Act IV, Scene 7 A tent in the French camp. LEAR on a bed asleep, soft music playing; Gentleman, and others attending.

Enter CORDELIA, KENT, and Doctor

 

CORDELIA O thou good Kent, how shall I live and work,
To match thy goodness? My life will be too short,
And every measure fail me.
KENT To be acknowledged, madam, is o'erpaid.
All my reports go with the modest truth;
Nor more nor clipp'd, but so.
CORDELIA Be better suited:
These weeds are memories of those worser hours:
I prithee, put them off.
KENT Pardon me, dear madam;
Yet to be known shortens my made intent:
My boon I make it, that you know me not
Till time and I think meet.
CORDELIA Then be't so, my good lord.
  [To the Doctor]
  How does the king?
Doctor Madam, sleeps still.
CORDELIA O you kind gods,
Cure this great breach in his abused nature!
The untuned and jarring senses, O, wind up
Of this child-changed father!
Doctor So please your majesty
That we may wake the king: he hath slept long.
CORDELIA Be govern'd by your knowledge, and proceed
I' the sway of your own will. Is he array'd?
Gentleman Ay, madam; in the heaviness of his sleep
We put fresh garments on him.
Doctor Be by, good madam, when we do awake him;
I doubt not of his temperance.
CORDELIA Very well.
Doctor Please you, draw near. Louder the music there!
CORDELIA O my dear father! Restoration hang
Thy medicine on my lips; and let this kiss
Repair those violent harms that my two sisters
Have in thy reverence made!
KENT Kind and dear princess!
CORDELIA Had you not been their father, these white flakes
Had challenged pity of them. Was this a face
To be opposed against the warring winds?
To stand against the deep dread-bolted thunder?
In the most terrible and nimble stroke
Of quick, cross lightning? to watch--poor perdu!--
With this thin helm? Mine enemy's dog,
Though he had bit me, should have stood that night
Against my fire; and wast thou fain, poor father,
To hovel thee with swine, and rogues forlorn,
In short and musty straw? Alack, alack!
'Tis wonder that thy life and wits at once
Had not concluded all. He wakes; speak to him.
Doctor Madam, do you; 'tis fittest.
CORDELIA How does my royal lord? How fares your majesty?
KING LEAR You do me wrong to take me out o' the grave:
Thou art a soul in bliss; but I am bound
Upon a wheel of fire, that mine own tears
Do scald like moulten lead.
CORDELIA Sir, do you know me?
KING LEAR You are a spirit, I know: when did you die?
CORDELIA Still, still, far wide!
Doctor He's scarce awake: let him alone awhile.
KING LEAR Where have I been? Where am I? Fair daylight?
I am mightily abused. I should e'en die with pity,
To see another thus. I know not what to say.
I will not swear these are my hands: let's see;
I feel this pin prick. Would I were assured
Of my condition!
CORDELIA O, look upon me, sir,
And hold your hands in benediction o'er me:
No, sir, you must not kneel.
KING LEAR Pray, do not mock me:
I am a very foolish fond old man,
Fourscore and upward, not an hour more nor less;
And, to deal plainly,
I fear I am not in my perfect mind.
Methinks I should know you, and know this man;
Yet I am doubtful for I am mainly ignorant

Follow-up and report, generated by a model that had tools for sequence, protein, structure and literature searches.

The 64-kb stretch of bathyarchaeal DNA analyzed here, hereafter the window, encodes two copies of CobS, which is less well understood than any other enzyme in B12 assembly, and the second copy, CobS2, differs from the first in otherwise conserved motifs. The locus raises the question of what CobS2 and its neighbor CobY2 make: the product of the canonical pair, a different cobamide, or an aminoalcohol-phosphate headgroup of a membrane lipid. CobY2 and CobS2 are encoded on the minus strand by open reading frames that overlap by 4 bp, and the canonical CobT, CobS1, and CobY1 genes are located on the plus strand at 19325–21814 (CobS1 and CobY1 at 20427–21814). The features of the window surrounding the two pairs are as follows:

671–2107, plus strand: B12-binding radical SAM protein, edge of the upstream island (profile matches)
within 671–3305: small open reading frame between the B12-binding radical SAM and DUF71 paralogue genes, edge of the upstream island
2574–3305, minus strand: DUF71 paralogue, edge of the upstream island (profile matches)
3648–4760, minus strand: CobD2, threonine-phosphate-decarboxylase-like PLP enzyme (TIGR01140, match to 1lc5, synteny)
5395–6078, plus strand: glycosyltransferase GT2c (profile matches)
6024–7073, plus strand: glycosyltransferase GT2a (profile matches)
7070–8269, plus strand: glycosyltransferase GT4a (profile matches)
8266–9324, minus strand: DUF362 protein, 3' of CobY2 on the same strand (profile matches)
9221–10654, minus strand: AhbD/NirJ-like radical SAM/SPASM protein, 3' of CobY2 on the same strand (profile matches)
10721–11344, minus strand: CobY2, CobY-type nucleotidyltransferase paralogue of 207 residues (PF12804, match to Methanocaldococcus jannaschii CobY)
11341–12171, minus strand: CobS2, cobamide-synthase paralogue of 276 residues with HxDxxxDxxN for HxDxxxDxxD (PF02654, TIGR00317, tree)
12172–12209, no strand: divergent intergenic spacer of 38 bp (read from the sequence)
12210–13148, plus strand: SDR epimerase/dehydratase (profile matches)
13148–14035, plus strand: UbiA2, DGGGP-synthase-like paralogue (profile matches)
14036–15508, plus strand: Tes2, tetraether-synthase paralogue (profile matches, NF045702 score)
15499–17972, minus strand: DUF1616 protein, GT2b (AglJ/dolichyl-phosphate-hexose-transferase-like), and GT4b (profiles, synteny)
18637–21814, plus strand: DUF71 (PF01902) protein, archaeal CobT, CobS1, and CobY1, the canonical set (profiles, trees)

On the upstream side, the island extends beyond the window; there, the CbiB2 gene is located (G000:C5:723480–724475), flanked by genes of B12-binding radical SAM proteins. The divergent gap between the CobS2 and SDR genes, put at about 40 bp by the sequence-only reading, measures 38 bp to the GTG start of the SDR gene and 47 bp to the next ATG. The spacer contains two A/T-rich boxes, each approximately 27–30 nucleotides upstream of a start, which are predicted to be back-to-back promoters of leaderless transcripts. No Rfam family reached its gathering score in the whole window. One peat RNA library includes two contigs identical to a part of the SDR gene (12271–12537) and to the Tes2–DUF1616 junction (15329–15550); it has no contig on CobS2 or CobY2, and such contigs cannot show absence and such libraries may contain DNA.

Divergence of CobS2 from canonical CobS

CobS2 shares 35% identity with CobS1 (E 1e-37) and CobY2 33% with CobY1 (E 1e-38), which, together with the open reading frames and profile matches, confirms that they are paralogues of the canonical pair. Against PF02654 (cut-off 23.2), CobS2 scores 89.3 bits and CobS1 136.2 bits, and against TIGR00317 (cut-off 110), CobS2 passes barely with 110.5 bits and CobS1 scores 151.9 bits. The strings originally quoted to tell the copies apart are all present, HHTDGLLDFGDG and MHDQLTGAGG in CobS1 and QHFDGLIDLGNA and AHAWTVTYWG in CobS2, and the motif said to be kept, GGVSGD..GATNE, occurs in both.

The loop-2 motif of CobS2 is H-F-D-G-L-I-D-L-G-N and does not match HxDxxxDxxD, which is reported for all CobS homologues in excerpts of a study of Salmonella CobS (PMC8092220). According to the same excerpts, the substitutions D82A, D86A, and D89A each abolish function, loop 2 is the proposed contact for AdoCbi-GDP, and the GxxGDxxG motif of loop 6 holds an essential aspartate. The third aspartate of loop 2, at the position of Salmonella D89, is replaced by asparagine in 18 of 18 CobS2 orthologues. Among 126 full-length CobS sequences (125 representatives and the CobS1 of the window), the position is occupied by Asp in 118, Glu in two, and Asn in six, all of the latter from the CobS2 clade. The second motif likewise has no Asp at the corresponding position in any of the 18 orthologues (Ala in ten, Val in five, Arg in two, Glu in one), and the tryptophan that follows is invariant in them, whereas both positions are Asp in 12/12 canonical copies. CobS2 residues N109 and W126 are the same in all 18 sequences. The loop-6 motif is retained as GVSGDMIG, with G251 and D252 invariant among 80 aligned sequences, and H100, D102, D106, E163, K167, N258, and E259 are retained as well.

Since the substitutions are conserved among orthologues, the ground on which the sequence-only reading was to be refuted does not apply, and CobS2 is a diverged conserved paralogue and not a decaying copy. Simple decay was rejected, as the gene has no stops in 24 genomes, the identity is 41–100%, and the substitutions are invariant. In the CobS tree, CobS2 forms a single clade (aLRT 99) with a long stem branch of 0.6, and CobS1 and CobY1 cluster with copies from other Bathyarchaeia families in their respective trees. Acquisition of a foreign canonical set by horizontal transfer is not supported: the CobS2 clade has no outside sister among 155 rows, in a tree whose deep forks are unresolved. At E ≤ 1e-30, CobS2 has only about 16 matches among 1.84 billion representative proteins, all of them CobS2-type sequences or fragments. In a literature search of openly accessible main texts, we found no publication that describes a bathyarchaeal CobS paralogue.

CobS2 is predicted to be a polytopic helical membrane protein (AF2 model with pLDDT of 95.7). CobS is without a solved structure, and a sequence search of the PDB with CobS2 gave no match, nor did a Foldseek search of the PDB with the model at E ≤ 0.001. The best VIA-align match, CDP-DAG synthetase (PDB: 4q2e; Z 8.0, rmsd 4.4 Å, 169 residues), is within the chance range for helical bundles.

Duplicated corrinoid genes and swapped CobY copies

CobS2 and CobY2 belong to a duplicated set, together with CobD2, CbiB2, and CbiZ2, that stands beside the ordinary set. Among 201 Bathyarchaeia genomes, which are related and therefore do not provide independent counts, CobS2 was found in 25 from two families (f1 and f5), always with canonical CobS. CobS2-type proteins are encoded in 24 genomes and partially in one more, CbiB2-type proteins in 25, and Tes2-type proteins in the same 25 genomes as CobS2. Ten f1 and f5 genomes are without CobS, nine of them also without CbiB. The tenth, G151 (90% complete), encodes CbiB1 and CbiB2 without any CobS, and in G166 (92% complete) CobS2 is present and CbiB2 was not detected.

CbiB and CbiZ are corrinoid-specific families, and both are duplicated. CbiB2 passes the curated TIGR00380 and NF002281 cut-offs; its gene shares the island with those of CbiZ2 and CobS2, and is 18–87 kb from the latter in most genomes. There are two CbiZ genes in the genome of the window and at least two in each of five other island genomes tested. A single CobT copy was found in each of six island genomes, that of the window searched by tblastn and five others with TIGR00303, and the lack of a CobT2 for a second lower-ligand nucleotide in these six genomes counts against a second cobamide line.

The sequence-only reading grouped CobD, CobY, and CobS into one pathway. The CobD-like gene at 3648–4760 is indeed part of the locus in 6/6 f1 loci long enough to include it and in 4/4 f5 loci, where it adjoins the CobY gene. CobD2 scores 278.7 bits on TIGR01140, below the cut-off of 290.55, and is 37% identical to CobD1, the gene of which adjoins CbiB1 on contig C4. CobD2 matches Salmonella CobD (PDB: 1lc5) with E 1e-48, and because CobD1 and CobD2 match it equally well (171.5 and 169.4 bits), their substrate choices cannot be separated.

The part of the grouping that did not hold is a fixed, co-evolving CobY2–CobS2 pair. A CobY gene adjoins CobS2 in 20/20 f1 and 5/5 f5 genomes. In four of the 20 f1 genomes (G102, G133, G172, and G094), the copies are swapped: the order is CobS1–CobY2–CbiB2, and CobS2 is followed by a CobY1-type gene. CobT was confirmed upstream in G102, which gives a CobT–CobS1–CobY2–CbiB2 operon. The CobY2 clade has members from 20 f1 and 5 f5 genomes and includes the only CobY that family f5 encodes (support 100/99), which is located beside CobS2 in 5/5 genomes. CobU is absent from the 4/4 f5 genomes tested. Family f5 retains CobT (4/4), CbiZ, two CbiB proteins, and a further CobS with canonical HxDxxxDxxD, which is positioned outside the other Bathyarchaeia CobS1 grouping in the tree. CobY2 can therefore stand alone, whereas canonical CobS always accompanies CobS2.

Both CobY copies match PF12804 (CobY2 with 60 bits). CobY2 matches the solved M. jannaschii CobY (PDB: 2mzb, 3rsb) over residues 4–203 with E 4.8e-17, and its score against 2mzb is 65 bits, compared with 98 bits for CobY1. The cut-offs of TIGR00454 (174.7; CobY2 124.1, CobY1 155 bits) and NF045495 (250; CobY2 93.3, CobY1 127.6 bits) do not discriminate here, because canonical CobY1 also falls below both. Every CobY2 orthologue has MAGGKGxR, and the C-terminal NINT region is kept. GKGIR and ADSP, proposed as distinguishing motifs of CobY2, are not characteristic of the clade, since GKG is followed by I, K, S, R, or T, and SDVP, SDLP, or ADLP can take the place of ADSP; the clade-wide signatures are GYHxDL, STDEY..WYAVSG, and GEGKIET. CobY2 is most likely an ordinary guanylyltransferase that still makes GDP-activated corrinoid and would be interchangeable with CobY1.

What place this is; and all the skill I have
Remembers not these garments; nor I know not
Where I did lodge last night. Do not laugh at me;
For, as I am a man, I think this lady
To be my child Cordelia.
CORDELIA And so I am, I am.
KING LEAR Be your tears wet? yes, 'faith. I pray, weep not:
If you have poison for me, I will drink it.
I know you do not love me; for your sisters
Have, as I do remember, done me wrong:
You have some cause, they have not.
CORDELIA No cause, no cause.
KING LEAR Am I in France?
KENT In your own kingdom, sir.
KING LEAR Do not abuse me.
Doctor Be comforted, good madam: the great rage,
You see, is kill'd in him: and yet it is danger
To make him even o'er the time he has lost.
Desire him to go in; trouble him no more
Till further settling.
CORDELIA Will't please your highness walk?
KING LEAR You must bear with me:
Pray you now, forget and forgive: I am old and foolish.
  [Exeunt all but KENT and Gentleman]
Gentleman Holds it true, sir, that the Duke of Cornwall was so slain?
KENT Most certain, sir.
Gentleman Who is conductor of his people?
KENT As 'tis said, the bastard son of Gloucester.
Gentleman They say Edgar, his banished son, is with the Earl
of Kent in Germany.
KENT Report is changeable. 'Tis time to look about; the
powers of the kingdom approach apace.
Gentleman The arbitrement is like to be bloody. Fare you
well, sir.
  [Exit]
KENT My point and period will be throughly wrought,
Or well or ill, as this day's battle's fought.
  [Exit]

 

To see other scenes from the show:

Full Text Act III, Scene 3 Gloucester's castle./Act III, Scene 4 The heath. Before a hovel.
Act I, Scene 1 King Lear's palace Act III, Scene 5 Gloucester's castle./Act III, Scene 6 A chamber in a farmhouse adjoining the castle.
Act I, Scene 2 The Earl of Gloucester's castle. Act III, Scene 7 Gloucester's castle.
Act I, Scene 3 The Duke of Albany's palace. Act IV, Scene 1 The heath.
Act I, Scene 4 A hall in the same. Act IV, Scene 2 Before Albany's palace.
Act I, Scene 5 Court before the same. Act IV, Scene 3 The French camp near Dover./Act IV, Scene 4 The same. A tent.
Act II, Scene 1 Gloucester's castle. Act IV, Scene 5 Gloucester's castle.
Act II, Scene 2 Before Gloucester's castle. Act IV, Scene 6 Fields near Dover.
Act II, Scene 3 A wood./Act II, Scene 4 Before Gloucester's castle. Act IV, Scene 7 A tent in the French camp.
Act III, Scene 1 A heath. Act V, Scene 1 The British camp near Dover.
Act III, Scene 2 Another part of the heath. Act V, Scene 2 A field between the two camps./Act V, Scene 3 The British camp near Dover.

 

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